What is saving?

Saving lets you earn interest on your money. Generally, people save the money that they might need in the short or medium term. This includes things like an emergency fund to cover unexpected expenses, or to build a pot for something that they can’t afford to buy immediately.

Saving is safer than investing, because your money isn’t exposed to the ups and downs of the market. Instead, you’ll have to keep an eye on interest rates and whether you’re getting the best return on your cash. When interest rates are low people might look to investing to generate better returns, but this comes with the risk of losing money. At the moment, the interest rates you can earn on your savings are the highest they’ve been since February 2008.1

Read our top tips for making the most of high interest rates with your cash

 

What is investing?

Investing means you’ll be buying assets with your money in the hope that they increase in value over time. There are lots of different assets that you can invest in, from funds that automatically spread your money over a group of different companies, to shares in individual companies that you want to own a piece of.

Before you invest, it’s important to have an emergency fund in place. This will be your safety net to cover unexpected expenses without having to withdraw from your investments. Think of an emergency fund as step one on your personal finance journey – once you’ve got one, it opens the door to explore things like investing.

 

Saving vs investing returns

The returns of saving and investing will be different because each is intended for a different timeframe. As we touched on above, saving is generally better for the money you might need in the short or medium term (less than five years). Investing on the other hand, is better for the money you want to grow over the long term (five years or more).

 

Saving returns 

You might expect the returns of saving to be quite different to the returns of investing – because investing gives your money more time to grow. While that has historically been the case, the current macroeconomic environment has given rise to higher interest rates, and has made saving more attractive as a result.

For example, here are the interest rates that Moneybox was able to offer on our savings accounts in 2022 compared to what we can offer in 2024. The reason for the difference is that the Bank of England consistently raised the base rate throughout 2023 – which increases the interest rates that banks can pass onto their customers. So, when you hear about the base rate rising, you might have more to gain than you think.

Account

Rate in 2022

Rate in 2024 (as of 8 May 2024)

Simple Saver 0.74% AER (variable) 4% AER (variable)
32 Day Notice 1.20% AER (variable) 4.66% AER (variable)
95 Day Notice 1.25% AER (variable) 4.96% AER (variable)

How inflation affects the value of your money

While saving can be safer than investing, if you are saving over the long term, please remember to consider the impact of inflation over time. As prices of goods continue to rise, this reduces the purchasing power of your savings over time.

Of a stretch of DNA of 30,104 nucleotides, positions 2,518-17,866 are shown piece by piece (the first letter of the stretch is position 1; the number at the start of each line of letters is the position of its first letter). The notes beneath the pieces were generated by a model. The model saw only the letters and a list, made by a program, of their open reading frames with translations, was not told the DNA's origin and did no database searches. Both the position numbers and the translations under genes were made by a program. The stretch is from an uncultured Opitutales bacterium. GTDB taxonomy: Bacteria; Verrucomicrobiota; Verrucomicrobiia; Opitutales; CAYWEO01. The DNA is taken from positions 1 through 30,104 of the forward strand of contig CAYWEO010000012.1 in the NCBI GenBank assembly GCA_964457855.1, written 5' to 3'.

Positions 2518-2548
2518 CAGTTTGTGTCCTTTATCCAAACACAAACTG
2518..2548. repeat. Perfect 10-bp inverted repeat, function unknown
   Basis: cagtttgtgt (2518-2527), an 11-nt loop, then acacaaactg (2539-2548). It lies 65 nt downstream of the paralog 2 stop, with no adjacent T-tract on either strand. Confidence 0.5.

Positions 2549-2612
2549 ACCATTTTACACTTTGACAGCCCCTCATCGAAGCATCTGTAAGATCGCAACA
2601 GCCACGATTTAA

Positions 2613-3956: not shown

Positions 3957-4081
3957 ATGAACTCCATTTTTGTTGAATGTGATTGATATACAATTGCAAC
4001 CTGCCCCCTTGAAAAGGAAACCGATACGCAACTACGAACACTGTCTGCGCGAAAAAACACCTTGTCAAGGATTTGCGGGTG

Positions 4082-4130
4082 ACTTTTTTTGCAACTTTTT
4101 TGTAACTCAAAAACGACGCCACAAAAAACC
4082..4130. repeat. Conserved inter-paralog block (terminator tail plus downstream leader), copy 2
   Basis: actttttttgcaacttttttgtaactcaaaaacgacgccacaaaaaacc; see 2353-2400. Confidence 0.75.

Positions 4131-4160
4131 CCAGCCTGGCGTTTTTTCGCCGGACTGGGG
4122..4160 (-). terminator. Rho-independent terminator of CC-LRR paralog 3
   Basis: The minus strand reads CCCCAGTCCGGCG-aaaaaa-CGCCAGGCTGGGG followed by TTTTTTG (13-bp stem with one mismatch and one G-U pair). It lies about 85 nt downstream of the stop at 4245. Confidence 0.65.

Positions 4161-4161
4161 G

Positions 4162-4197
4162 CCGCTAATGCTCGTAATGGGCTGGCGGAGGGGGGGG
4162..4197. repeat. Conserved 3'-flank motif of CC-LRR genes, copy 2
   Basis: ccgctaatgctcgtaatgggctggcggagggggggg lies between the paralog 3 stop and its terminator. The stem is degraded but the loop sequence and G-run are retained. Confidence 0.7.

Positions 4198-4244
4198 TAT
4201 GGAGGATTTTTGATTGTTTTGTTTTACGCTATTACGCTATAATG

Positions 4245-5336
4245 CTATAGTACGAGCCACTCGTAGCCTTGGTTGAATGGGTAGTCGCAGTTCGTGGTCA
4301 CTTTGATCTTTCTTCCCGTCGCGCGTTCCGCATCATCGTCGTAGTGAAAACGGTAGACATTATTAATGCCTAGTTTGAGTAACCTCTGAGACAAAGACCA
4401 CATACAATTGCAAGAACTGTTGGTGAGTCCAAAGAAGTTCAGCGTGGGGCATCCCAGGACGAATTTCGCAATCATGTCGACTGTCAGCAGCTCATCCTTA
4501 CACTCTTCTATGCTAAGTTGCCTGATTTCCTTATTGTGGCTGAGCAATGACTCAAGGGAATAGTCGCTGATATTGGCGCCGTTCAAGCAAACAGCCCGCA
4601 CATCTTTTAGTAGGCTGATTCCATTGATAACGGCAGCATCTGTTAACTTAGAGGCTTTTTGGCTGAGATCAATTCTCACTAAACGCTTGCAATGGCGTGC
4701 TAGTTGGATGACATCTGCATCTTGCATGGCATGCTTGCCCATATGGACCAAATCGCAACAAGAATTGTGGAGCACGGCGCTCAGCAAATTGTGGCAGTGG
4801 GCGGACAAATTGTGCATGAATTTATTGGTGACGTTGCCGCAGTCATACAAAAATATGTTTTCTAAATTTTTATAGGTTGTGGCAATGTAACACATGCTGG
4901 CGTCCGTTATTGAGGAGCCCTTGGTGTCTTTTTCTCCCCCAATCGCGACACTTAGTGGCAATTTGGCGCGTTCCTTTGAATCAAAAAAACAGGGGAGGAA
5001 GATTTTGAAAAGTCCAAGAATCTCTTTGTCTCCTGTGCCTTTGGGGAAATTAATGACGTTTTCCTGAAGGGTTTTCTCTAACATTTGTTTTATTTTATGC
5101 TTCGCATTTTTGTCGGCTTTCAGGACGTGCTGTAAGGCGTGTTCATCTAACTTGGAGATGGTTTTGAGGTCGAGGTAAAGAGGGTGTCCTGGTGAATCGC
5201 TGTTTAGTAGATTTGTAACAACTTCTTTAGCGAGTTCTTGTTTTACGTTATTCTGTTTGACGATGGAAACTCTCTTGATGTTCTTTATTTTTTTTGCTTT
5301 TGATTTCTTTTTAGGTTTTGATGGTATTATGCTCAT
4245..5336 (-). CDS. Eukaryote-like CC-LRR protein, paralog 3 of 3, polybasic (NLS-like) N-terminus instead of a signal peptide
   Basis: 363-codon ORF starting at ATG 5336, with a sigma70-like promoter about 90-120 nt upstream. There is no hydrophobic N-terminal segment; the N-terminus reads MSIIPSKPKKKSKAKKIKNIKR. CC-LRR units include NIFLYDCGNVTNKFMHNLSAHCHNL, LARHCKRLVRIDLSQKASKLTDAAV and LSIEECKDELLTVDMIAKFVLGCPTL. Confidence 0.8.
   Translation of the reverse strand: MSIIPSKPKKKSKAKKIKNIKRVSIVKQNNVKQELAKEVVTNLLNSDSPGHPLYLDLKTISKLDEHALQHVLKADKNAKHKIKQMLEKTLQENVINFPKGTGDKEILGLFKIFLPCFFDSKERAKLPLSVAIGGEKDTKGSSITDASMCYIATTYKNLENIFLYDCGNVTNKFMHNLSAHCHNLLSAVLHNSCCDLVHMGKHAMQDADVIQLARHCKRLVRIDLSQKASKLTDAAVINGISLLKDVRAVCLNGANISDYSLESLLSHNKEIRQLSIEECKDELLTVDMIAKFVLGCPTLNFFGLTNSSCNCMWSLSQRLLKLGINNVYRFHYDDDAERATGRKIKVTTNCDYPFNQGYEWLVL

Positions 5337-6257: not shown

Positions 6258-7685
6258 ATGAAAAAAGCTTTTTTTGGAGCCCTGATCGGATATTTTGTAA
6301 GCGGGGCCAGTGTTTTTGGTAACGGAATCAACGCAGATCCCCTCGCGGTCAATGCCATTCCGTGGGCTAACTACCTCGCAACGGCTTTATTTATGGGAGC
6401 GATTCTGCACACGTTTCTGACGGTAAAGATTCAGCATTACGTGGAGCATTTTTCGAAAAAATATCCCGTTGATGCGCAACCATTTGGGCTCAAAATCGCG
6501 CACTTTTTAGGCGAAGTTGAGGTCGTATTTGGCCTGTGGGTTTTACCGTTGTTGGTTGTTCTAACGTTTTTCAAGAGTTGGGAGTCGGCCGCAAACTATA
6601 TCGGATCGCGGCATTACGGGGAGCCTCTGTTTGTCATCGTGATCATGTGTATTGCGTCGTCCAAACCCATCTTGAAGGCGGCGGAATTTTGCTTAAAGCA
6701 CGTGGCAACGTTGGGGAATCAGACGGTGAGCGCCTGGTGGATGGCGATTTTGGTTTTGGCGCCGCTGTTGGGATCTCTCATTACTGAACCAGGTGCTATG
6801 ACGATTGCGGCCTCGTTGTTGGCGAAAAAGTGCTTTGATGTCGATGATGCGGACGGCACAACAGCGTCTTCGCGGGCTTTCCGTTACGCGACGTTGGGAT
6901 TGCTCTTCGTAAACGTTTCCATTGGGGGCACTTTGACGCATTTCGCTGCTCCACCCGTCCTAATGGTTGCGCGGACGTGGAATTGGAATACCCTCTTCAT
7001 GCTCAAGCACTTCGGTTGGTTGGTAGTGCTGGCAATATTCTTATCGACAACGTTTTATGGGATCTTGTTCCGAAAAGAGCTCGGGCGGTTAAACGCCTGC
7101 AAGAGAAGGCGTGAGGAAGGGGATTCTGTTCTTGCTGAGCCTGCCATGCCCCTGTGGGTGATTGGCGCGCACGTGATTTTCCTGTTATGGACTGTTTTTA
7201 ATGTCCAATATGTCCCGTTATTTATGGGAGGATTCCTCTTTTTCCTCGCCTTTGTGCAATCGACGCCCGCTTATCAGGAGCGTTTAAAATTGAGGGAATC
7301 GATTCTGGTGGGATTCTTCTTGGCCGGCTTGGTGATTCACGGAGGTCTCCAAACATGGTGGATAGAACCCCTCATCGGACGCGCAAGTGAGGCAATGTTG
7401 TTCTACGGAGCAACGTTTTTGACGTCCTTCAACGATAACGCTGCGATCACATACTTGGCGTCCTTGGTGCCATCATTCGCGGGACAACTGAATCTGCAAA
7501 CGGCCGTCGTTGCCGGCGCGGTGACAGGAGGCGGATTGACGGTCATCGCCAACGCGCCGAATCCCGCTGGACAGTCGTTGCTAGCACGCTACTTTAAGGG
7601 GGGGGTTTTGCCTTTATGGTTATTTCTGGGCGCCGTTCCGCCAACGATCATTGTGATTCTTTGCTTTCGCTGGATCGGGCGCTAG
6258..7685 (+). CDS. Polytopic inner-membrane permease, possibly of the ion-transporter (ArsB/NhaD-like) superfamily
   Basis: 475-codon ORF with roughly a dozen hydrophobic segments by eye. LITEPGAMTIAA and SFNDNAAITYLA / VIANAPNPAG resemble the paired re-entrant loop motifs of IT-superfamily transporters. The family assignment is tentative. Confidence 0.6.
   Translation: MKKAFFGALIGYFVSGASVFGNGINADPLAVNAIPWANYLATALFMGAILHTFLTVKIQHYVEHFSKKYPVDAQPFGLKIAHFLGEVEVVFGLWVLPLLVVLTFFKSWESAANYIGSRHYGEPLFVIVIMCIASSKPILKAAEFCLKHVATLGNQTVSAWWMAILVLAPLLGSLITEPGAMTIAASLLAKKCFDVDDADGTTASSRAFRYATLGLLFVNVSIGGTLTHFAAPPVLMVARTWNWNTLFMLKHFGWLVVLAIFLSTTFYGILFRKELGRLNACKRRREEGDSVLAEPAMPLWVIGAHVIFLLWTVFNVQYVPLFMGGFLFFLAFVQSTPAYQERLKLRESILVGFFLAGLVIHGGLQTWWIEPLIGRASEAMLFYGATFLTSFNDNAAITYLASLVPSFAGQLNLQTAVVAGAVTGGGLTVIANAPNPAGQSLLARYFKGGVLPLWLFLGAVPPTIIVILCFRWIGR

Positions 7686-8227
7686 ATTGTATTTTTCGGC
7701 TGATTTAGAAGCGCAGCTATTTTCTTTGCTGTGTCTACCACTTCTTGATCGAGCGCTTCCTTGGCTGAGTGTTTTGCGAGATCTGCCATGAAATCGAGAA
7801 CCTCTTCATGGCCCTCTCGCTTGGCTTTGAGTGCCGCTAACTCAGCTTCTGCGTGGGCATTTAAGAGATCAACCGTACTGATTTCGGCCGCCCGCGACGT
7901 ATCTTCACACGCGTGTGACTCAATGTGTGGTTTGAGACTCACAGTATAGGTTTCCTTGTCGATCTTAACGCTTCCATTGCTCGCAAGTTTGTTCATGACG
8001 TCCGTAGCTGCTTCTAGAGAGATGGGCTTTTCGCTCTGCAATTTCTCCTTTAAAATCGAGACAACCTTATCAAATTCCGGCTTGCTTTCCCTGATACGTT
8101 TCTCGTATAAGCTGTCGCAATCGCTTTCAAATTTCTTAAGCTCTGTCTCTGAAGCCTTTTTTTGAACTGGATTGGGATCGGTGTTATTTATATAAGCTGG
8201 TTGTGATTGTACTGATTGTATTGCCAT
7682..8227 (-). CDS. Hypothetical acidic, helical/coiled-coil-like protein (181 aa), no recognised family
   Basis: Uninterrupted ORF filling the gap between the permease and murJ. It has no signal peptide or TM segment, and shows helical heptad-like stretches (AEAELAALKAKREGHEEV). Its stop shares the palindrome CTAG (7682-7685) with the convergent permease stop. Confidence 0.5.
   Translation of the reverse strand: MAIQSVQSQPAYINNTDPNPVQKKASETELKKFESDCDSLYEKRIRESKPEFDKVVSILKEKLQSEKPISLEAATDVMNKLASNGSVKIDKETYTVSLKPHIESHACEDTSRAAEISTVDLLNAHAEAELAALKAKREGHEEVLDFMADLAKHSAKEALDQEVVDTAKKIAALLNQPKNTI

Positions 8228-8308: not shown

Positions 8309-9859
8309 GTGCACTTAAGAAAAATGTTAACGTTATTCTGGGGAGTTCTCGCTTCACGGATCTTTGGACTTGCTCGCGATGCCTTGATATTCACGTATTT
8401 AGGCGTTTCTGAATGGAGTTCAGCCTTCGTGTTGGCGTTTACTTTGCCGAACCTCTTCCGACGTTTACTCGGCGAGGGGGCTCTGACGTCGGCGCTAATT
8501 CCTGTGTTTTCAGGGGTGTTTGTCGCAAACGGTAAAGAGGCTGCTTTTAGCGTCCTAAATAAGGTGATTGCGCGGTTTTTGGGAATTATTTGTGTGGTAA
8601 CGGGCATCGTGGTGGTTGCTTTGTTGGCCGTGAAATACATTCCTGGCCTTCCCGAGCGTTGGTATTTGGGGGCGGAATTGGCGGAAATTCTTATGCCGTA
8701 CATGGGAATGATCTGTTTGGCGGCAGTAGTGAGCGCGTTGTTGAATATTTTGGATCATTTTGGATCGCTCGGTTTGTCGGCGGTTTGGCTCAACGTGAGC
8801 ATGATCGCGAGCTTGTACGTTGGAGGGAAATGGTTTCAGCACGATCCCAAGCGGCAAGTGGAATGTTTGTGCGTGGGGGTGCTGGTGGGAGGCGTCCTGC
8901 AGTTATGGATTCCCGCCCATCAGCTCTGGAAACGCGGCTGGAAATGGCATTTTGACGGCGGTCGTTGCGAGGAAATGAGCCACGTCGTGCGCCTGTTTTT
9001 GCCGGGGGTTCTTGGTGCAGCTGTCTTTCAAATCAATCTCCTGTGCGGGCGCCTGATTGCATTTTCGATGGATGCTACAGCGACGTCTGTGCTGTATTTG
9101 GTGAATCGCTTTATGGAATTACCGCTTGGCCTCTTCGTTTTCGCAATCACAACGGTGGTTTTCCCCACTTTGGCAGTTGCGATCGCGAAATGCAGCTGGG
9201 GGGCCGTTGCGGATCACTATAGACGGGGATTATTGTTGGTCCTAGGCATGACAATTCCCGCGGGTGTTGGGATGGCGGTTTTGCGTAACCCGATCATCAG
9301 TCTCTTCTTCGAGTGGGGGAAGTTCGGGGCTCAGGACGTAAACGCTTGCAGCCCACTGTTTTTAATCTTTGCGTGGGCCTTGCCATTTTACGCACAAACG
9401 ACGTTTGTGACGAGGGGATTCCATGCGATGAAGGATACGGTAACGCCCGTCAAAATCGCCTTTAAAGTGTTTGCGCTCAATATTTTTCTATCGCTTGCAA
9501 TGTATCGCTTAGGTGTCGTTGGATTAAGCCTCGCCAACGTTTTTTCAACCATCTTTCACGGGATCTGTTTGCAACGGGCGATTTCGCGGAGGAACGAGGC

So, you should always calculate your real returns (the current rate of inflation, minus the interest rate you’re earning on your savings). As an example, if inflation is at 7% and you’re earning 5% interest on your savings, you’re actually going backwards by 2%.

 

Investing returns

Investing returns are best looked at over the long term, usually five years as a minimum. While investing can be riskier than saving, over longer timeframes, investing returns tend to beat those of saving. And while your money is exposed to ups and downs when you invest and years in which you experience a decline can feel scary, when you zoom out and look at the bigger picture you’ll start to see a trend upwards. 

The figures here are from the Moneybox Balanced Starting Option over the past five years.

Year

Return

2019 +18.6%
2020 +7.3%
2021 +17.8%
2022 -8.6%
2023 +12.6%

Check out another example below – it shows the returns of cash vs the returns of investing over a 10-year timeframe from 2013 to 2023.

The investing returns here are based on our Balanced Starting Option and include all fees. Where available, returns data for the selected funds have been used. Where the fund has a shortened performance history, we have used the appropriate index to simulate performance. Cash returns are based on the best available cash interest rates at the beginning of each year.

As a purely illustrative example of the returns of investing over time – let’s take a look at the graph below. It shows how much you’d earn if you started investing at different ages with an average annual return of 8% – assuming you started with an initial lump sum of £1,000, followed by £100 a month (excluding fees). 

 

 

Projections are not a guarantee of future performance. You may get back less than you invest. This is an example for illustration purposes only. Before you invest, consider an investment that aligns to your acceptable risk level and goals and objectives.

 

1 Bank of England

All investing should be long term (min. 5 years). The value of your investments can go up and down, and you may get back less than you invest.

Before committing to the longer term nature of investments, you should have a short-term cash supply available for emergencies.

Investment accounts have a £1 monthly subscription fee (free for your first three months). Annual platform fees of 0.45% also apply (charged monthly). Fund provider fees also apply, charged directly by the fund provider.